AXELROD: Well, I think that a little bit more rural. A lot depends on the suburban vote in Milwaukee and a lot depends on turnout in the city of Milwaukee. And those are two things that you got to watch. And the other element you talk about, Madison, this is where the third- party candidates become a concern. You know, back in 2016, Donald Trump won Wisconsin. And part of the

reason he won it was because Jill Stein, who's running again now on the Green party line, was running then and got more votes than the margin between Trump and Hillary Clinton. And a lot of it came from Madison, where progressives voted for her.

Now, she's back. Cornel West, the progressive African-American, former Harvard professor, is running as an independent. Robert Kennedy Jr., kind of a wild card, you know, right wing populist in some ways, but very aggressive supporter of climate action. So these are challenges for --

RAJU: Should the Biden team address those third-party candidates, head on or should they just ignore it?

AXELROD: No, I don't think that they can -- well, I think they should discourage them for one thing. There's still this open question about the no labels party, and we don't know who that candidate would be. My view generally is that third party candidates are more helpful to Trump than Biden because Trump has a high floor and a low ceiling. And anything that lowers that threshold that you need to win, I think favors Trump.

RAJU: And look, another part of the coalition, Hispanic voters, you're seeing the real concern. Hispanic voters, look at Nevada.


RAJU: I mean, this is such a key part of the state. Two key parts of the state, Las Vegas, Reno, they need to carry those two, really, the rest of the state is a pretty Republican state. But the problem is the Hispanic voters in a state like Nevada, Arizona, too, that's been a problem for Joe Biden. How does he turn that around?

AXELROD: Well, you've seen recent polling in Nevada and, you know, Trump has been done well in a couple of early polls were almost a year out. So, you know, you have to sort of set those aside. But the reason is that is the Hispanic vote. And just generally nationally, Biden got 65% of that vote in 2020, and he's running just a few points ahead of Trump. So solving that problem is a big part of the equation. And it's going to be very important in the state of Nevada. Only six electoral votes, but in a marginal race, that can be the difference.

RAJU: And look, a tight race also could happen in Georgia. Georgia, of course, has seen a demographic shift in there. But still, black voters are very significant for Joe Biden. And you look at the exit polls from 2020, where Joe Biden did very well with black voters, and then overall, you look at his favorability among African American voters, it's significantly worse. Why do you think that is?

AXELROD: I think a lot of it is among younger black men, have become disenchanted, don't feel like enough has been done to follow up on commitments to the community. I think there's disaffection because more wasn't done on voting rights. There are a series of issues. So again here, it's a matter of not just recapturing some of that vote, but also mobilization and turnout is going to be very important. And, you know, the thing that's working in Biden's favor is that this -- he is not losing among sort of white voters. His working-class white vote is about what it was four years ago. He does pretty well with older voters, but the young and particularly young African Americans, in this case younger Hispanic voters and so on. A problem for him.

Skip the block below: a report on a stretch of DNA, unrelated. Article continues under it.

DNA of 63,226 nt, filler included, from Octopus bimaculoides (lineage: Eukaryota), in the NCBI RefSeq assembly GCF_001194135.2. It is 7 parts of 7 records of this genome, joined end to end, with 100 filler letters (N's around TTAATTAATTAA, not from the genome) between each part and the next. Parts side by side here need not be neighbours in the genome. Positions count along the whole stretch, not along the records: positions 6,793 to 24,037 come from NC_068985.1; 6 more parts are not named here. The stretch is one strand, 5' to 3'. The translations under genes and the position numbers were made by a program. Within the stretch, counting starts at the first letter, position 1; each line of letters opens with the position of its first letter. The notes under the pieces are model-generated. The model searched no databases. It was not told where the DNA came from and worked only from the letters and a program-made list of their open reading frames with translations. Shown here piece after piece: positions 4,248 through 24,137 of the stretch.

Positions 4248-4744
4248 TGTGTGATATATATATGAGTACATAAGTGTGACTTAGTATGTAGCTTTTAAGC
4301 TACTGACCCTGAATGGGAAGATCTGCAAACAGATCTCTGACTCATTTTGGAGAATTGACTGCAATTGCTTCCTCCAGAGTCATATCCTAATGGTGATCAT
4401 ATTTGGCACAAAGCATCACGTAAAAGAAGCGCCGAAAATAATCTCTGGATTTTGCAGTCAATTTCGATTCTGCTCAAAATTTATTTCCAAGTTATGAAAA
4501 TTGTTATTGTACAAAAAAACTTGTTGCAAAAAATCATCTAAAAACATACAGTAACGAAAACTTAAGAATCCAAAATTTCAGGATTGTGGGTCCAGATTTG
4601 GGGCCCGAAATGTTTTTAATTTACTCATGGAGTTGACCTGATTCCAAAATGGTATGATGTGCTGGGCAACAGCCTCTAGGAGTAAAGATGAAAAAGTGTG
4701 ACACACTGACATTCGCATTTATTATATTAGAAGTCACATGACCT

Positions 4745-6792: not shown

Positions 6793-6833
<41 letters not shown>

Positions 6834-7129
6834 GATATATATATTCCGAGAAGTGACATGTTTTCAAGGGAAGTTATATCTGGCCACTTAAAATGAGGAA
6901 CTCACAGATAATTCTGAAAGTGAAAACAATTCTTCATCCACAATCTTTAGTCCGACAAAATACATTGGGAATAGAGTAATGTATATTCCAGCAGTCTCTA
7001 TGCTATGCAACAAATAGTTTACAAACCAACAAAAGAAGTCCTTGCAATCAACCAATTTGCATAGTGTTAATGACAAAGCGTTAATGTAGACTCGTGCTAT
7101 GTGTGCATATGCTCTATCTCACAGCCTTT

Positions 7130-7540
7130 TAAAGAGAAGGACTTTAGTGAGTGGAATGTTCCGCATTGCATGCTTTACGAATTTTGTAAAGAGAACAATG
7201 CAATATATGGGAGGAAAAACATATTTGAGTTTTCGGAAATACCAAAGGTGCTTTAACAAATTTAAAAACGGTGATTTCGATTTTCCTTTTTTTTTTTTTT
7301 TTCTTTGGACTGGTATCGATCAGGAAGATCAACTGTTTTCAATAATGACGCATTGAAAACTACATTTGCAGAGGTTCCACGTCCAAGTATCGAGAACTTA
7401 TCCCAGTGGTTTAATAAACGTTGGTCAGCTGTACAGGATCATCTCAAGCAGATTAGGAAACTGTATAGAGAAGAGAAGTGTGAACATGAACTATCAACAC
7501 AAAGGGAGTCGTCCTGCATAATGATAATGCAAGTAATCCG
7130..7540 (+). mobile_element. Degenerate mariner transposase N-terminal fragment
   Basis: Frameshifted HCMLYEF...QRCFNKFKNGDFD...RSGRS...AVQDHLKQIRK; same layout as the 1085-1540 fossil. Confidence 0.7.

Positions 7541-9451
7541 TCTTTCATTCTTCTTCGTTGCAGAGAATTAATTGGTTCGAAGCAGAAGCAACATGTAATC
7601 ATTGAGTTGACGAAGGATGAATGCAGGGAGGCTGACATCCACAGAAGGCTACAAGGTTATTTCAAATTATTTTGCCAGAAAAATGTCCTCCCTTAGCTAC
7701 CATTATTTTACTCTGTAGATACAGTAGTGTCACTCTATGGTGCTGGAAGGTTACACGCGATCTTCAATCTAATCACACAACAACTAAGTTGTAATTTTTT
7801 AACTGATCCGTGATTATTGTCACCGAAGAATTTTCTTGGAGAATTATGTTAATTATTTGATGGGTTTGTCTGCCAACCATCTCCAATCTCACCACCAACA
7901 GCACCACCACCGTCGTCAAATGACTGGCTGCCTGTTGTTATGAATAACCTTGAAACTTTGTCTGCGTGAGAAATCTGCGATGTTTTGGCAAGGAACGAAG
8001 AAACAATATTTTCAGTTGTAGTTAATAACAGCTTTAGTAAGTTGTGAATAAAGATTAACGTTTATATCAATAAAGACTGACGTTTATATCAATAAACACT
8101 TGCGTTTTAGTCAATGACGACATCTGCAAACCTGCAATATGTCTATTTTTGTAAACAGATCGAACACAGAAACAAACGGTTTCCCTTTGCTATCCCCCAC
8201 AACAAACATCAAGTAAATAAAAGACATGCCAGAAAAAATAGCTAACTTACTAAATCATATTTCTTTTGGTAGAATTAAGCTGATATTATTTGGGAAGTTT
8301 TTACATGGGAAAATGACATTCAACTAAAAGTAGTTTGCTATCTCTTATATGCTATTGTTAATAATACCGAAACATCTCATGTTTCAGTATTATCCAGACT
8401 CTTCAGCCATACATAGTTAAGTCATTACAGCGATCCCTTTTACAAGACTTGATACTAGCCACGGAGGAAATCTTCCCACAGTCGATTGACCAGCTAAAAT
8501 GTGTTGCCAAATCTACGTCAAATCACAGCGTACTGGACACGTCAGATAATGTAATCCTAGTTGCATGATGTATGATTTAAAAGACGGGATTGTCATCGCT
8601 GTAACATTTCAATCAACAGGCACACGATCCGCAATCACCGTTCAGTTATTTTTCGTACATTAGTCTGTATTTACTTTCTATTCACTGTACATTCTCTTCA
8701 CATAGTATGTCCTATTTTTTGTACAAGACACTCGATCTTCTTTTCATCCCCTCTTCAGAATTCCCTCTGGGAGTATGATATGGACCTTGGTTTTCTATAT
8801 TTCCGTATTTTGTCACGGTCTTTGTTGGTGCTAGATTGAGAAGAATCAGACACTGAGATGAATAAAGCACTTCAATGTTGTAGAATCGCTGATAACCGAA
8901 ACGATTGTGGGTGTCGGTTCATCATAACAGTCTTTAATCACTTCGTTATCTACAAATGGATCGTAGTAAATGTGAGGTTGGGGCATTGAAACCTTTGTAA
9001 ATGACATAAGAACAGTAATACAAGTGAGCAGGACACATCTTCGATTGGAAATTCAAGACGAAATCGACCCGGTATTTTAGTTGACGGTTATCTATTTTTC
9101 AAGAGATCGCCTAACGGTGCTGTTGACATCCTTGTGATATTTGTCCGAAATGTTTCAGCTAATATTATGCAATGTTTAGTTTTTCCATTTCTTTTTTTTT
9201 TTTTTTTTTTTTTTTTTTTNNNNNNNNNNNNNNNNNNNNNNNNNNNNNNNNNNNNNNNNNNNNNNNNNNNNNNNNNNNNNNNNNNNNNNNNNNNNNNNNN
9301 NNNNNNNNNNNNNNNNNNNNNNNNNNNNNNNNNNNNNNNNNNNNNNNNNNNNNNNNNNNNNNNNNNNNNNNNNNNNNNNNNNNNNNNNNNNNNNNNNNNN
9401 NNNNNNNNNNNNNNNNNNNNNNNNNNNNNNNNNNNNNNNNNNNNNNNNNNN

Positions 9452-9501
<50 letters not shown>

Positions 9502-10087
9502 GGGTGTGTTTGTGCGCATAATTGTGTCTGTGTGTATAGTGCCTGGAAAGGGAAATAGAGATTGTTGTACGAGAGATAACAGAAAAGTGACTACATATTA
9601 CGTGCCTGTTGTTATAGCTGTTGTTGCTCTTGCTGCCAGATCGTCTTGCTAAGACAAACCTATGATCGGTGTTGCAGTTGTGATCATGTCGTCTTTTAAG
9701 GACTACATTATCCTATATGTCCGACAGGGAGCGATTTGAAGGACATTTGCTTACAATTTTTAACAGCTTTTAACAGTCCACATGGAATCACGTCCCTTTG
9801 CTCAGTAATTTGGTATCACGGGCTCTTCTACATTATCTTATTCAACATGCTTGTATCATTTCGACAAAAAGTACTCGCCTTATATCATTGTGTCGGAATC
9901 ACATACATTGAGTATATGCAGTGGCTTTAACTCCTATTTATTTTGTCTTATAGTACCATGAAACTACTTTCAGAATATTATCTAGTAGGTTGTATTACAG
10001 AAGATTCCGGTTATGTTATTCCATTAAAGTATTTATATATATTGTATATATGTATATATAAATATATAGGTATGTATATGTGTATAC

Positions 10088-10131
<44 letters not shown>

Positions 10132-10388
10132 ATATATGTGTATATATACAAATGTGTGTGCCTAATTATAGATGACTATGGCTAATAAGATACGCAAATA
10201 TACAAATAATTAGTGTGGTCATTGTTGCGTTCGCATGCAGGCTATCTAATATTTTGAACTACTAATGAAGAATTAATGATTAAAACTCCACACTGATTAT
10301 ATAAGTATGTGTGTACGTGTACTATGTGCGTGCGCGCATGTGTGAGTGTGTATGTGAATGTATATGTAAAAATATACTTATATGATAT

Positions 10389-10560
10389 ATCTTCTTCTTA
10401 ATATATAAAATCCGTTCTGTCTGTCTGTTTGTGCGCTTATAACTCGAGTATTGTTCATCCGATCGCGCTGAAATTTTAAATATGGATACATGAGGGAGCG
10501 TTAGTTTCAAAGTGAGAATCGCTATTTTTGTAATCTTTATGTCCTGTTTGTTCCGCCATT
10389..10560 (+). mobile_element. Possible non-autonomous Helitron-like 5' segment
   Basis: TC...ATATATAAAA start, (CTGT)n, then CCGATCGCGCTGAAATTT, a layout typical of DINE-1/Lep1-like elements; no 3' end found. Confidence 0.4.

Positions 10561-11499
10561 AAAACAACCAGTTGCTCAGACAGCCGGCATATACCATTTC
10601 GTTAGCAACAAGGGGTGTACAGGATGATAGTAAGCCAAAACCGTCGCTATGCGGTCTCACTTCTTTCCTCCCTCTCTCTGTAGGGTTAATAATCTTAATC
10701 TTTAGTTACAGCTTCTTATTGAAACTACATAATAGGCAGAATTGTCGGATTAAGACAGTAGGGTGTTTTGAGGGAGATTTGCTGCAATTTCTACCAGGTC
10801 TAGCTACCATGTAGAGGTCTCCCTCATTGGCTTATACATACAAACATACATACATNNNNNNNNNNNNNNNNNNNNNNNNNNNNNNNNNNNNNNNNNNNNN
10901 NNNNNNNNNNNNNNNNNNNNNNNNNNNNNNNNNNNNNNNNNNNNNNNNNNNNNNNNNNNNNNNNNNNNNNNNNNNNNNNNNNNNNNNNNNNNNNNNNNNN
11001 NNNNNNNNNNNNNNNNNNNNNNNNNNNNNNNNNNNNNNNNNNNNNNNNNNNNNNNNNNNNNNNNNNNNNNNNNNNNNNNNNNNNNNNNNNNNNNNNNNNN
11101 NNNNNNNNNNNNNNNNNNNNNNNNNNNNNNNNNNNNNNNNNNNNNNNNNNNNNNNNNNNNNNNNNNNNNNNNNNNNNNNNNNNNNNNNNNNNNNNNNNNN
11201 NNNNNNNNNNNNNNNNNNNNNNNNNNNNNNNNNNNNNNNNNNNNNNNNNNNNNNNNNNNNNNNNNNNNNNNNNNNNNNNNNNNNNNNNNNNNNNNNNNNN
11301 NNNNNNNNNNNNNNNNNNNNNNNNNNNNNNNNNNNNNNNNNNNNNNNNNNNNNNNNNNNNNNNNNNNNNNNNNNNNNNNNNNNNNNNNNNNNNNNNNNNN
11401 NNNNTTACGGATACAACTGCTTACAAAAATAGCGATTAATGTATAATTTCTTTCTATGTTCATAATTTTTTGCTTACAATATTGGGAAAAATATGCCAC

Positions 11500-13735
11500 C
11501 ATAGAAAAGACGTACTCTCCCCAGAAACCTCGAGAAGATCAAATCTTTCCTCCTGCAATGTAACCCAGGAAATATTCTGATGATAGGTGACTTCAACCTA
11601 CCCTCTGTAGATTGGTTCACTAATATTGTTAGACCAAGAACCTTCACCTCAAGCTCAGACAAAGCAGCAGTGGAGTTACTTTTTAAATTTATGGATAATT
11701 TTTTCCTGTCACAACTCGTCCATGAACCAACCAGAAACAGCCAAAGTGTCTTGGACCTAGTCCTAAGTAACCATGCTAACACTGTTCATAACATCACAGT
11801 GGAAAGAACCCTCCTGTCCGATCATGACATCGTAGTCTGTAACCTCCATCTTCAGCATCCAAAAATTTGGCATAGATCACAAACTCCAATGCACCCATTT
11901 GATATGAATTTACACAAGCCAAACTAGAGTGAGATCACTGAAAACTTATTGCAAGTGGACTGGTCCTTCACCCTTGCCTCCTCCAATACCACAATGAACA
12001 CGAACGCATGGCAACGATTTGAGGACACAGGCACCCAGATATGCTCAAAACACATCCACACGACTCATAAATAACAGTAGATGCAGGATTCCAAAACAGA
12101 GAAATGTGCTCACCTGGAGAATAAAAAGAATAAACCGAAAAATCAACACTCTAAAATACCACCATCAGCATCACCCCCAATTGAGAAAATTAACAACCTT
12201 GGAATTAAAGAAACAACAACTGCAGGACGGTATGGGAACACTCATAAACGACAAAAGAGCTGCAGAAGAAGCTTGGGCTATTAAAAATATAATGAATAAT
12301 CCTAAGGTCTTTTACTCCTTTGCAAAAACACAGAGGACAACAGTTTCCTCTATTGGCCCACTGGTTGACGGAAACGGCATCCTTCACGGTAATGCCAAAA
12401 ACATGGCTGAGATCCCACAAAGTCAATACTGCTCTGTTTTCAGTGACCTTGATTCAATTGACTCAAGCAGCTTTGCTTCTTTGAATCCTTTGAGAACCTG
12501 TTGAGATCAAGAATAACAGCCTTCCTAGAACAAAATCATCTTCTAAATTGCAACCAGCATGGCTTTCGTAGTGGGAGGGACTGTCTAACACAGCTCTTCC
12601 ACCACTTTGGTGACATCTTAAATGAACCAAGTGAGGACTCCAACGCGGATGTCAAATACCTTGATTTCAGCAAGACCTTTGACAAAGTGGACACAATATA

RAJU: Yeah. And a problem, if they sit out the election, not necessarily vote for Trump, but they sit out, that's going to be a problem.

AXELROD: Remember, this was, well, famously Trump knew exactly the number of votes that he lost in this state, and it was under 12,000 votes.

RAJU: Yeah.

AXELROD: So, you know, small changes in turnout can have enormously important impact.

RAJU: And you would know firsthand. Thank you, David Axelrod, for joining us.

Next, more on INSIDE POLITICS Sunday. Stay tuned.



RAJU: Congress has a long history of investigating America's sports, from steroids and baseball to the NFL and concussions. And now pro golf. When the PTA Tour said this summer it would merge with Saudi owned live golf, it shocked the golf world and angered some on Capitol Hill. The Chair of the Senate Subcommittee on Investigation, Senator Richard Blumenthal, announced hearings and subpoenaed lives, Saudi backers investigating what he calls an attempted Saudi takeover of sports in an attempt to whitewash their image.


SEN. RICHARD BLUMENTHAL, (D) CONNECTICUT: It's about much more than sports. It is a uniquely American interest and institution that potentially is going to be betrayed and exploited by the Saudis to sportswash their image, cover up their human rights abuses and other kinds of wrongdoing, and create an image that is totally incorrect and inaccurate. And I think that American institutions and interests are at stake here.


RAJU: And this month, another shocker. One of the world's elite golfers and Masters Champion, Jon Rahm, said he would join the Saudi Run Tour. And after previously calling the merger a, quote, "betrayal from management."


RAJU: What do you think that when you saw the Masters Champion and one of the best golfers in the world, Jon Rahm, who had said that this merger between PGA and live was a betrayal. Later, just days ago, sign on with the LIV Golf.


BLUMENTHAL: There have been a lot of reversals. That's what money does sometimes.


RAJU: And here's what Blumenthal told me about the PGA Tour Commissioner, who was once a furious LIV Golf critic himself.


BLUMENTHAL: As much as Jon Rahm did 180 degrees turn, Jay Monahan's turn was even more dramatic.

RAJU: Do you think that he needs to come up here and testify in Monahan?

BLUMENTHAL: I'd like to see Jay Monahan potentially come here to testify.


RAJU: The Senator says the investigation is now taking a broader look at Saudi Arabia's attempt to influence Americans. That's it for INSIDE POLITICS Sunday.

Up next, "STATE OF THE UNION" with Jake Tapper and Dana Bash. Thanks again for sharing your Sunday morning with us. Merry Christmas, and we'll see you next time.